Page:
Slow transaction processing is another cause of customer dissatisfaction. Transactions often take days to complete, and users sometimes claim that “transactions take forever.” One of the users says he sent some ethereum and had to wait for two months for the cryptocurrency to arrive. Another customer claims he transferred 40$ worth of ethereum to the GateHub wallet, but only received 2$.

Some users are even blaming the wallet for being a scam. Renier Janse van Rensburg took to Medium to tell about his experience with GateHub. He claims that his account balance disappeared and a substantial amount of his crypto, including 9.25 ETH and 17,917 XRP, was stolen.

“GateHub’s security level is average, as your private keys are stored by a third party, but they are at least encrypted with your password.”

CoinCorner - a mobile bitcoin wallet based in the Isle of Man, is another wallet we would advise to avoid, although reviews vary from positive to strictly negative. Despite offering a very simple and straightforward way to buy and send bitcoin, the wallet stands no chance to be rated 5 out of 5.

The first thing users complain that the fees are too high. It applies a 5% fees on most transfers. Furthermore, the exchange rate is much higher compared to most other platforms.

“The security level is low, as your private keys are stored by a third party and they have easy access to them.”

On top of that, low limits might prevent you from trading as much as you want. High SWIFT fees apply to bank transfer withdrawals, and this could be a problem when combined with the low limits.

Transfer limits

“Fees are crazy, you will lose minimum 20% to 45% just on transnational fees, the most expensive site. On top of this, it is the slowest with poorest customer service,” one of the customers claims, insisting that “they should not be on the market.”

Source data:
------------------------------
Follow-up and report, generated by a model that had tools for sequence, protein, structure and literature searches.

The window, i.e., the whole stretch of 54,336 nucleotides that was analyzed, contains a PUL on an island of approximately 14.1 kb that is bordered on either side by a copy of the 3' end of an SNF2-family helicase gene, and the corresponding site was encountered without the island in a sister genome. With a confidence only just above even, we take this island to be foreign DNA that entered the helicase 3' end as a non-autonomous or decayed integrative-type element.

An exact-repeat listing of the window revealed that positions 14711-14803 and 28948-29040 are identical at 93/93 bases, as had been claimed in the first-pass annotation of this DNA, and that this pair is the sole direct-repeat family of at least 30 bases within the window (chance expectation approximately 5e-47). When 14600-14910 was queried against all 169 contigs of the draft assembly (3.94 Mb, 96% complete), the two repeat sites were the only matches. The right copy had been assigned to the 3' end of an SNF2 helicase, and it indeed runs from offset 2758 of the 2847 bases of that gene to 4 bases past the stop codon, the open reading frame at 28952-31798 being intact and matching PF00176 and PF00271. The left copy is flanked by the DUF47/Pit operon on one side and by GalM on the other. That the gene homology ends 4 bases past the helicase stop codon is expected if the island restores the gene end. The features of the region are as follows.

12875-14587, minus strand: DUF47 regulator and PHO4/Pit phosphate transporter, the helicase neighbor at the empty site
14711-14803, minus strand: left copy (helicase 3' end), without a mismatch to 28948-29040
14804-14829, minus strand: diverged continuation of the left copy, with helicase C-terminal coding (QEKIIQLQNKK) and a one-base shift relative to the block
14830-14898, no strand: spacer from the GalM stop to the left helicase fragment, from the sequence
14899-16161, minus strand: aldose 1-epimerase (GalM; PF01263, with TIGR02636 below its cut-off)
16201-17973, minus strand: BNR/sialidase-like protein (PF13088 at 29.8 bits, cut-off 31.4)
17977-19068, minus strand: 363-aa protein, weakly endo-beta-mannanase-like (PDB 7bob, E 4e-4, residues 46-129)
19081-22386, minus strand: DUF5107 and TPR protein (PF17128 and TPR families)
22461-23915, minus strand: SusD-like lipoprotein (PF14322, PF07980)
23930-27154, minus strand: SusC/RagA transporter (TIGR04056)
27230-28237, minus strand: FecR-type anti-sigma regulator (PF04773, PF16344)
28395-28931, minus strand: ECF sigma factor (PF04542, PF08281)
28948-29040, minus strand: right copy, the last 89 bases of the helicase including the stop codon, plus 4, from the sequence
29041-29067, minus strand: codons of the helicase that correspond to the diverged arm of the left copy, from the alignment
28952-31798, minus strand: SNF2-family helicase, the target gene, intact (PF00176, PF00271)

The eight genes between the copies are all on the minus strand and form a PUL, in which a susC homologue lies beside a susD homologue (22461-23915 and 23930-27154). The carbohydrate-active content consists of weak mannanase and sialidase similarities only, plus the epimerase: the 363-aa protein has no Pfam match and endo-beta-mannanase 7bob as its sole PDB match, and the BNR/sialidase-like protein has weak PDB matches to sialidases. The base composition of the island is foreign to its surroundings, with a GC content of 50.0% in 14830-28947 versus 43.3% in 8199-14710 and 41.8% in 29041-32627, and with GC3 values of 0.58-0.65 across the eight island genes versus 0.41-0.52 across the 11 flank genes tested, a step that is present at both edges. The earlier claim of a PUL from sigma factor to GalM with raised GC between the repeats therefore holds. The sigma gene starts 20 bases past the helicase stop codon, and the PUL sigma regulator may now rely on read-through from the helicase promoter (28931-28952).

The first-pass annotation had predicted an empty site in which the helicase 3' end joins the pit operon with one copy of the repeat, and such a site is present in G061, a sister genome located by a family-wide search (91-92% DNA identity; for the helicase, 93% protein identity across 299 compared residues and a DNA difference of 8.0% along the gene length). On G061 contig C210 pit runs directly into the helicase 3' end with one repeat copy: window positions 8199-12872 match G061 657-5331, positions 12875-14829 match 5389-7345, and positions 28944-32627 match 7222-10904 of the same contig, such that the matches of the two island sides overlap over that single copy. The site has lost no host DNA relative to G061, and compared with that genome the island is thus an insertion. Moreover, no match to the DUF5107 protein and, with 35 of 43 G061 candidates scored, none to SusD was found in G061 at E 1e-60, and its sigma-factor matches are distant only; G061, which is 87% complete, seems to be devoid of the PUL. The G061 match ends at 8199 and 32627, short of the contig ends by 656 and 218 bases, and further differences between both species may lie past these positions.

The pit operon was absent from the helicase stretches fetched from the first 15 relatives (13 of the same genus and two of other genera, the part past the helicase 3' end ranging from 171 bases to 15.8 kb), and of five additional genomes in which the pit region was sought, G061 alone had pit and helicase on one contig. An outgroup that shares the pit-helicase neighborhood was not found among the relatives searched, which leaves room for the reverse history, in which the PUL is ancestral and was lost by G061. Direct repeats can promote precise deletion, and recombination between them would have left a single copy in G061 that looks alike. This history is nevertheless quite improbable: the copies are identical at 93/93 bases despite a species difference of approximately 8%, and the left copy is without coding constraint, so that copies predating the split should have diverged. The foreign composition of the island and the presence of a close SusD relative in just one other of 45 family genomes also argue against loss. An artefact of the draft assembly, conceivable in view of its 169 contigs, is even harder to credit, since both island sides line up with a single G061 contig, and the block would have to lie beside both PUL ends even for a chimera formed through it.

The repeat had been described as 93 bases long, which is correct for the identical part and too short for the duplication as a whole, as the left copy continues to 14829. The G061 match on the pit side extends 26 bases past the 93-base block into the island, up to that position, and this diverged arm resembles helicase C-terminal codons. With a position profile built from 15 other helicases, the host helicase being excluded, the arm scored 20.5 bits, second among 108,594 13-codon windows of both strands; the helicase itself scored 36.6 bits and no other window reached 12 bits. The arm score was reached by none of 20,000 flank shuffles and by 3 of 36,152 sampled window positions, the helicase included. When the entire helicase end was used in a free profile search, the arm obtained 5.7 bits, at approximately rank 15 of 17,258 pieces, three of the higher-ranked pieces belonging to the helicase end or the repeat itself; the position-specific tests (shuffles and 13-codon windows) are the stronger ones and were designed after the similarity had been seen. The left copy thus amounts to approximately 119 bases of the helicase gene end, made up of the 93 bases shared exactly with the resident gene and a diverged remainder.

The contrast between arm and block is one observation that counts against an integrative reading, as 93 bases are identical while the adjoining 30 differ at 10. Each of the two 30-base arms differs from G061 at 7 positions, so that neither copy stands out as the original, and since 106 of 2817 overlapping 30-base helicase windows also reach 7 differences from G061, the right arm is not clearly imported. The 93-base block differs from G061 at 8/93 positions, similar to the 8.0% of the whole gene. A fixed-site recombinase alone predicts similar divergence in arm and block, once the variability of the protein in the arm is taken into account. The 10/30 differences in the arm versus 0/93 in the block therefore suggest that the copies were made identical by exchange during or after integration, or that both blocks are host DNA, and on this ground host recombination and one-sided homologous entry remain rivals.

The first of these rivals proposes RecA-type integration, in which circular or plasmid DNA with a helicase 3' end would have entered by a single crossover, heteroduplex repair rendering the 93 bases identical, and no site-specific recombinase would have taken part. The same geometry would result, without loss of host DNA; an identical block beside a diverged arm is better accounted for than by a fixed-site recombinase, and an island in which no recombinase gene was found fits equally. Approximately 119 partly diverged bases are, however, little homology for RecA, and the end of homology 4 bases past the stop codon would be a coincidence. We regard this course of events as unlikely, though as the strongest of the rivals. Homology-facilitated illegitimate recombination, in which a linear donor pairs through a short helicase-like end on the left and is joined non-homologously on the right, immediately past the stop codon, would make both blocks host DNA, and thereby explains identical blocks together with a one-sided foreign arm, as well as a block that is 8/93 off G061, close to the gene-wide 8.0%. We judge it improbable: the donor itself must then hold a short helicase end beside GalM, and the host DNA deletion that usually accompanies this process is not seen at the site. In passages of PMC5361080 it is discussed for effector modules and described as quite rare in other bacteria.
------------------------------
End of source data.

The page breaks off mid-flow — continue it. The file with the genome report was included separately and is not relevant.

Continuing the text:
Finally, CoinCorner only offers basic services without any advanced features.

Although a multi-cryptocurrency wallet Cryptonator, allegedly based in Hong Kong, accepts several fiat currencies such as Euro, U.S. dollar, Ukrainian Hryvnia and Russian Ruble, it applies a large exchange rate between coins and fiat currencies.

The wallet has a poor reputation within the industry with a number of clients claiming to have lost funds when transferring tokens. Some of the common problems users of this wallet have experienced delayed or blocked deposits/withdrawals and non-responsive customer support. Most users directly accuse Cryptonator of being a scam.

Trading at Cryptonator is done via a web-based interface that lacks some basic features such as charting, market depth window, cancellation, etc. Users simply fill in the currency they want to sell or by and enter the amount.

The lack of an IOS app is another shortcoming worth fixing.

“The security level also raises questions, as your private keys are stored by a third party and they have easy access to them. Finally, its owners are not known and history is unclear, and this definitely does not add reliability to the service.”


In general, when it comes to choosing between a wide range of cryptocurrency wallets, there are several factors to be taken into account. It’s always recommended to use “cold storage” such as “paper wallets” or“hardware wallets,” when you're going to store a large amount of money so that hackers don’t have access to your private key.

Besides, never forget that software wallets or “hot wallets” that are connected to the Internet are for “change” only. While they allow you to instantly exchange currency, they are less secure and are exposed to hacks.

Finally, remember to backup your private key, just write it down on a piece of paper and keep in a safe place or store it on a separate drive. Safe crypto keeping!

by Bob Dadley